Business

MIT students figure out how to make delivery-by-drone a reality

The same day that Amazon announced a trial run of its delivery by drone service in India, a couple of MIT researchers released a new study that shows how to keep delivery drones running efficiently — and it’s funded by Boeing.

A team of researchers have developed what is essentially a health kit for drones, to help avoid in-flight failures and breakdowns. The first algorithm allows an in-flight drone to monitor fuel level and the condition of parts like propellers and cameras, and to make proactive decisions. If the fuel level is low, for example, a drone with MIT’s algorithms can anticipate the need for fuel and go to a station.

Second, the researchers have developed an offline capability where a drone can map future locations before takeoff. The routing mechanism makes sure to map an obstacle-free trajectory.

Researchers found that drones equipped with MIT’s algorithms had fewer failures than drones without any sort of health-monitoring features. “With something like package delivery, which needs to be done persistently over hours, you need to take into account the health of the system,” Ali-akbar Agha-mohammadi, a postdoc in MIT’s Department of Aeronautics and Astronautics, said in a press release. “Interestingly, in our simulations, we found that, even in harsh environments, out of 100 drones, we only had a few failures.”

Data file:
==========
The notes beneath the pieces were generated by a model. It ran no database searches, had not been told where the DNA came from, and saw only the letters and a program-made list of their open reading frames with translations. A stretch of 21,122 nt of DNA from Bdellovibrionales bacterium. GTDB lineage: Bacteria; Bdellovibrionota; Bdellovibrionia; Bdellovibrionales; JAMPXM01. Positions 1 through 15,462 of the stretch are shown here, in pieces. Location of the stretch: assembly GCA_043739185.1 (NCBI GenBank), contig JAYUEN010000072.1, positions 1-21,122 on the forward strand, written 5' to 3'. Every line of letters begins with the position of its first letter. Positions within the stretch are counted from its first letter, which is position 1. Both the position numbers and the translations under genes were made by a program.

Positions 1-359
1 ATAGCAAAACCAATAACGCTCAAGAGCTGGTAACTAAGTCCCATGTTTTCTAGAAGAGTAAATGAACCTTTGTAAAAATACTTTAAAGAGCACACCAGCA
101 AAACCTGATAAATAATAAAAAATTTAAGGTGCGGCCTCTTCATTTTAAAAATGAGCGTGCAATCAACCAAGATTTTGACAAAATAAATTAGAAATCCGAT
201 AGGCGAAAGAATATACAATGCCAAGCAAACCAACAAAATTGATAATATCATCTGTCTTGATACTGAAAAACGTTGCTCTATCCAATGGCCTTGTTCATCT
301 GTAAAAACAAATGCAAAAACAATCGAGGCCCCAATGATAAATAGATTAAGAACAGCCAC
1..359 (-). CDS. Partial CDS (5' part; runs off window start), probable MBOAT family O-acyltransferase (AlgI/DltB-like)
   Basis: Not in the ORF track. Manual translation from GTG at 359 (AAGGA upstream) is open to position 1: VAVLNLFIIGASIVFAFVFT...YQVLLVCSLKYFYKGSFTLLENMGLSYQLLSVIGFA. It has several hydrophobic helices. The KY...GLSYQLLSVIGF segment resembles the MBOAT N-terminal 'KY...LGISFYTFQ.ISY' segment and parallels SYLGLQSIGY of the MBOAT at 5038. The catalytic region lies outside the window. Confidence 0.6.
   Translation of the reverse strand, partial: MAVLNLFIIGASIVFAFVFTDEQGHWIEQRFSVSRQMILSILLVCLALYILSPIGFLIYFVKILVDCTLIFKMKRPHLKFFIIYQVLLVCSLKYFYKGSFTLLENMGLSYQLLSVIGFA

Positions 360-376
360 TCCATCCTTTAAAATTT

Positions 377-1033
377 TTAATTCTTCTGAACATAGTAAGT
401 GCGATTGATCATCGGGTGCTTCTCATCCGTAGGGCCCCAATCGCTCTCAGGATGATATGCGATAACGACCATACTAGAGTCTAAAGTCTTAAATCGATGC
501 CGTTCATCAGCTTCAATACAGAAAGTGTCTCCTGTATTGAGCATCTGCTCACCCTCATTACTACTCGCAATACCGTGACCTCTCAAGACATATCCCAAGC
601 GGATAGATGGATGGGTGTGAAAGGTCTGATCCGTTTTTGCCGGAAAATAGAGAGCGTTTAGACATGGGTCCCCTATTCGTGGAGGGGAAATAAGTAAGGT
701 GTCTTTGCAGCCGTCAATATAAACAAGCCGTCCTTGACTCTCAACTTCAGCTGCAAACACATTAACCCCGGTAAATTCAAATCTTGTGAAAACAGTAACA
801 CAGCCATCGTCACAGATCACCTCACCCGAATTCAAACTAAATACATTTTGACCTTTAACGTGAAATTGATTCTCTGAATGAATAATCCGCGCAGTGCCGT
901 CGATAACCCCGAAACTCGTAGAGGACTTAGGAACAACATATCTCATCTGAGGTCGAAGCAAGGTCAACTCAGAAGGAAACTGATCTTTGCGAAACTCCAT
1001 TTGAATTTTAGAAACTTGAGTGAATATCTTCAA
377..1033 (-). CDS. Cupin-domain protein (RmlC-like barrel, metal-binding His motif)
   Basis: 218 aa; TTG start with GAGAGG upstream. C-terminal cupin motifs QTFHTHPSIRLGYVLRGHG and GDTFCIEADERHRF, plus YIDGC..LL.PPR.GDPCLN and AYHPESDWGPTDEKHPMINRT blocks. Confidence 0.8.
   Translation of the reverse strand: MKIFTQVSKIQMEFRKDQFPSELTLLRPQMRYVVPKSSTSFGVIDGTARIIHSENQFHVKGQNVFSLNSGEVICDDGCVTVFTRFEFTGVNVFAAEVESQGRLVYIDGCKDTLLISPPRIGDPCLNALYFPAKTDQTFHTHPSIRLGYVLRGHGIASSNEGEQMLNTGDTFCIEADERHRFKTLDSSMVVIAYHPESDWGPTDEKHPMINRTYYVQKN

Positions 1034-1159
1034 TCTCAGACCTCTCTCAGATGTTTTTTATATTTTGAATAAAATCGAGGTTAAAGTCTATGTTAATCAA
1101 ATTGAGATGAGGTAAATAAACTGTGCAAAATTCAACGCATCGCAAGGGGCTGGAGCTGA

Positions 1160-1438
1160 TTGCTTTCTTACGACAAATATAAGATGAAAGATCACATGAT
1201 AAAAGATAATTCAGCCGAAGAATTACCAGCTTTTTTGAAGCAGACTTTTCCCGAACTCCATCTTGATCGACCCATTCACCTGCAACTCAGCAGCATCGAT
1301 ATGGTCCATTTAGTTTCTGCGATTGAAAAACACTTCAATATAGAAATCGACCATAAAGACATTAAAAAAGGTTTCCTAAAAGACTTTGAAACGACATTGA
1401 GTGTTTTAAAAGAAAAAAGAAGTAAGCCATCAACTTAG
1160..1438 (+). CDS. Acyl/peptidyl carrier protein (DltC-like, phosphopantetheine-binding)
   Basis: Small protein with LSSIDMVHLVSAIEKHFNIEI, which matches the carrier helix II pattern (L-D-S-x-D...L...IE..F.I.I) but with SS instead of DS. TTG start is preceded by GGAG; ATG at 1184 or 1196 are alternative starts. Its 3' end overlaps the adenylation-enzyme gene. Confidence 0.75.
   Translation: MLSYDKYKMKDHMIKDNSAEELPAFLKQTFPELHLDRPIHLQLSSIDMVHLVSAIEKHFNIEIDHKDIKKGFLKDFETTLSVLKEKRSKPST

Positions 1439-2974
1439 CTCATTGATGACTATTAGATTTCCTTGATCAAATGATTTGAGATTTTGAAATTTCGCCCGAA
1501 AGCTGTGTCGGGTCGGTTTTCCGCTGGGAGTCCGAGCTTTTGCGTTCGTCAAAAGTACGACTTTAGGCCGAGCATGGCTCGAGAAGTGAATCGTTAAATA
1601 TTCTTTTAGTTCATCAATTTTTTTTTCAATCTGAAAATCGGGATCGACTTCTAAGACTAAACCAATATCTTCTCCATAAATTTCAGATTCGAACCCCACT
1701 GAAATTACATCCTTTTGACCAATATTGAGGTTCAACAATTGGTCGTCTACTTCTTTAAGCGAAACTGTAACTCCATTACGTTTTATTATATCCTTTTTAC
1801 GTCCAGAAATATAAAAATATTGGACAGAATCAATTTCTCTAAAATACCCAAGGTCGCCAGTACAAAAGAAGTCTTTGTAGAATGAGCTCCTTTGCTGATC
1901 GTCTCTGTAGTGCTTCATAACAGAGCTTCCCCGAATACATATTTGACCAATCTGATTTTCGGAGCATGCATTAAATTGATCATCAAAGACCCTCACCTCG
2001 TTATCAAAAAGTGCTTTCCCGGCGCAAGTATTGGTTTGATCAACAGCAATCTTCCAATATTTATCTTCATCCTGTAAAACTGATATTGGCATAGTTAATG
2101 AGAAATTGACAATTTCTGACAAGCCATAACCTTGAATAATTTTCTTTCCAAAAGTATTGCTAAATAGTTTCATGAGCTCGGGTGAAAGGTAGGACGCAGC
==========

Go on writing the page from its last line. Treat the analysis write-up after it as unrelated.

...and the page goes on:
A number of companies and individuals have been toying with drone delivery systems for a few years now. For example, Matternet, a startup based in Menlo Park, Calif., has been working on a drone delivery service for medical supplies since 2011. Amazon, at the end of 2013, was the first major corporation to announce plans for a delivery-by-drone service. But no one has come out with a viable drone service just yet, partially due to FAA restrictions and partially because the proper technology hasn’t been fully developed.

Boeing, for its part, has been quietly building up its unmanned aerial vehicle offering. Most of its current drones are developed by subsidiary Insitu, a smaller company Boeing bought up in 2008. Most of its drones have focused on intelligence gathering rather than combat, and in recent years the company has created a drone that sounds like the title to a Bond flick: The Phantom Eye. The high altitude hydrogen powered UAV can fly for four days without landing. The company is currently trying to get the vehicle to stay in flight for 10 days, which would trump other competitors in the field.

However, Boeing still has plenty of room to expand its drone lineup, and the market for military and commercial drones is far from saturated. It only makes sense the company would be looking to invest in technologies that would help it get a leg up on the competition and possibly develop something worth offering to companies looking to develop Amazon-like drone delivery services.

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15 comments
Last Curmudgeon
Last Curmudgeon